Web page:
TMJ Syndrome-TMD-Bruxism Treatments

This entry is for you if you have bruxism, orofacial pain, earaches, TMJ headaches, or clench your teeth at night.


TMJ Syndrome | Clinical Somatic Education session

Oscar W. in Session for TMJ Dysfunction

Once again, I am drawn to address common practices used to alleviate common health conditions.  In this case, it’s TMJ Dysfunction (or “TMD” or “TMJ Syndrome”), a condition that people commonly expect to take months or years to clear up, but which can be cleared up in weeks by oneself or faster with clinical somatic education sessions.

The Essence of TMJ Dysfunction

Common dental practices overlook the root of the condition:  neuromuscular conditioning caused by trauma (injury, previous dental work) or long-term emotional stress (particularly, anger).  Even “neuromuscular dentistry” approaches the situation indirectly, by changing such things as a person’s bite pattern; the “neuromuscular” part exists in their minds, but not in their way of approaching the situation.

“Neuromuscular conditioning” means the way the brain has learned to control (or regulate) a certain function — in this case, the tension and movements of the jaws.  It’s a function of what is colloquially called, “muscle memory or movement memory.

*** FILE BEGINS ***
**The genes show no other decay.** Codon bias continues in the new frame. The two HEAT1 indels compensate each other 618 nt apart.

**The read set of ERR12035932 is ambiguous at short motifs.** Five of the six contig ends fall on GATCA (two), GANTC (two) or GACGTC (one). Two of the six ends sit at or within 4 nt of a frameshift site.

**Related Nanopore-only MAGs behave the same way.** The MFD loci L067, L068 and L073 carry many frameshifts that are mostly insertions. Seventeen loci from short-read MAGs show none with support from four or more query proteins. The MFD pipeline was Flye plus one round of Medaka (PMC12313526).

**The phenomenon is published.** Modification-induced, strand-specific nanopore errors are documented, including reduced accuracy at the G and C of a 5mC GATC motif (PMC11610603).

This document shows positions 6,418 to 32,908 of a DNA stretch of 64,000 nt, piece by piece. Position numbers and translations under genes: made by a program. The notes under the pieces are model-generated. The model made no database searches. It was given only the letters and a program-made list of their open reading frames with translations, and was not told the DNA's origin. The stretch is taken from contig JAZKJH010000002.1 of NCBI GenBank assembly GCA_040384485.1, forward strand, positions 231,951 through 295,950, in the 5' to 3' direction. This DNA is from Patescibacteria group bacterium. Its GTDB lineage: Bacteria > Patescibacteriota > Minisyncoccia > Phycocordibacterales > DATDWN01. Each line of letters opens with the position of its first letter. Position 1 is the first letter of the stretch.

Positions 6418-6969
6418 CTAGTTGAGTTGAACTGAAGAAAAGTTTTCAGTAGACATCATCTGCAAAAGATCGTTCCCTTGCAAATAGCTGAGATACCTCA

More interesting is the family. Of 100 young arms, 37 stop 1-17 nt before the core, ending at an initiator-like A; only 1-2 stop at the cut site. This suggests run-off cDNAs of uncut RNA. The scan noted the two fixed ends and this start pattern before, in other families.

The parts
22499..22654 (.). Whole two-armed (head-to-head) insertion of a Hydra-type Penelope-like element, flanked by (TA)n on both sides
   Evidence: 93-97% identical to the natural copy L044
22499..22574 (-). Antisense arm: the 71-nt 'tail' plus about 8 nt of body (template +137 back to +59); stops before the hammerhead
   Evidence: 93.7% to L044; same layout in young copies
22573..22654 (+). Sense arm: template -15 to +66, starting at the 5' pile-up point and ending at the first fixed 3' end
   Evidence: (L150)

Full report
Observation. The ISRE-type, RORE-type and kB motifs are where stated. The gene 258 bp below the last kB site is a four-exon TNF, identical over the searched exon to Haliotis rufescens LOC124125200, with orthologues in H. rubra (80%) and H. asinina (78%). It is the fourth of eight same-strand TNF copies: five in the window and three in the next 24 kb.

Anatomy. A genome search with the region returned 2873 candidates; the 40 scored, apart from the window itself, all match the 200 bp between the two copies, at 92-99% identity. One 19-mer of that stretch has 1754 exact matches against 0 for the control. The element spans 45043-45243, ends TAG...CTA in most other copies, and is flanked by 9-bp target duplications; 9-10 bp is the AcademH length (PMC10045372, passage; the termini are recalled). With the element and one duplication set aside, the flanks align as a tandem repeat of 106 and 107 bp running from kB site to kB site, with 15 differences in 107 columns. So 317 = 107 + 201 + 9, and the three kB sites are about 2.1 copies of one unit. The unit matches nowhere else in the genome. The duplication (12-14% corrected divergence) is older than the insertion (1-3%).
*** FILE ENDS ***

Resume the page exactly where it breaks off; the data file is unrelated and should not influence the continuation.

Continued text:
An article posted here gives the details.

Here are topics that give reasoning and details.

The common therapeutic means for addressing the condition address symptoms, rather than causes.

As a clinical somatic education practitioner, I’ve developed an effective and reliable self-relief program, which addresses exactly the underlying cause of TMJ Syndrome:  the reflexive muscular action in the muscles of biting a chewing that causes the complex array of symptoms associated with TMJ Syndrome.


TMJ Dysfunction (TMD) Corrected
with Hanna Somatic Education


Common Causes of TMJ Syndrome/TMD/Bruxism

This entry was posted in pain management, pain relief, stress management, TMJ Dysfunction / TMD and tagged , , , , , . Bookmark the permalink.

3 Responses to TMJ Syndrome-TMD-Bruxism Treatments

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  3. Willena Mcginn says:

    These two bones are actually separated by an articular disc, which divides the TMJ into two distinct compartments. The inferior compartment allows for rotation of the condylar head around an instantaneous axis of rotation.,…..

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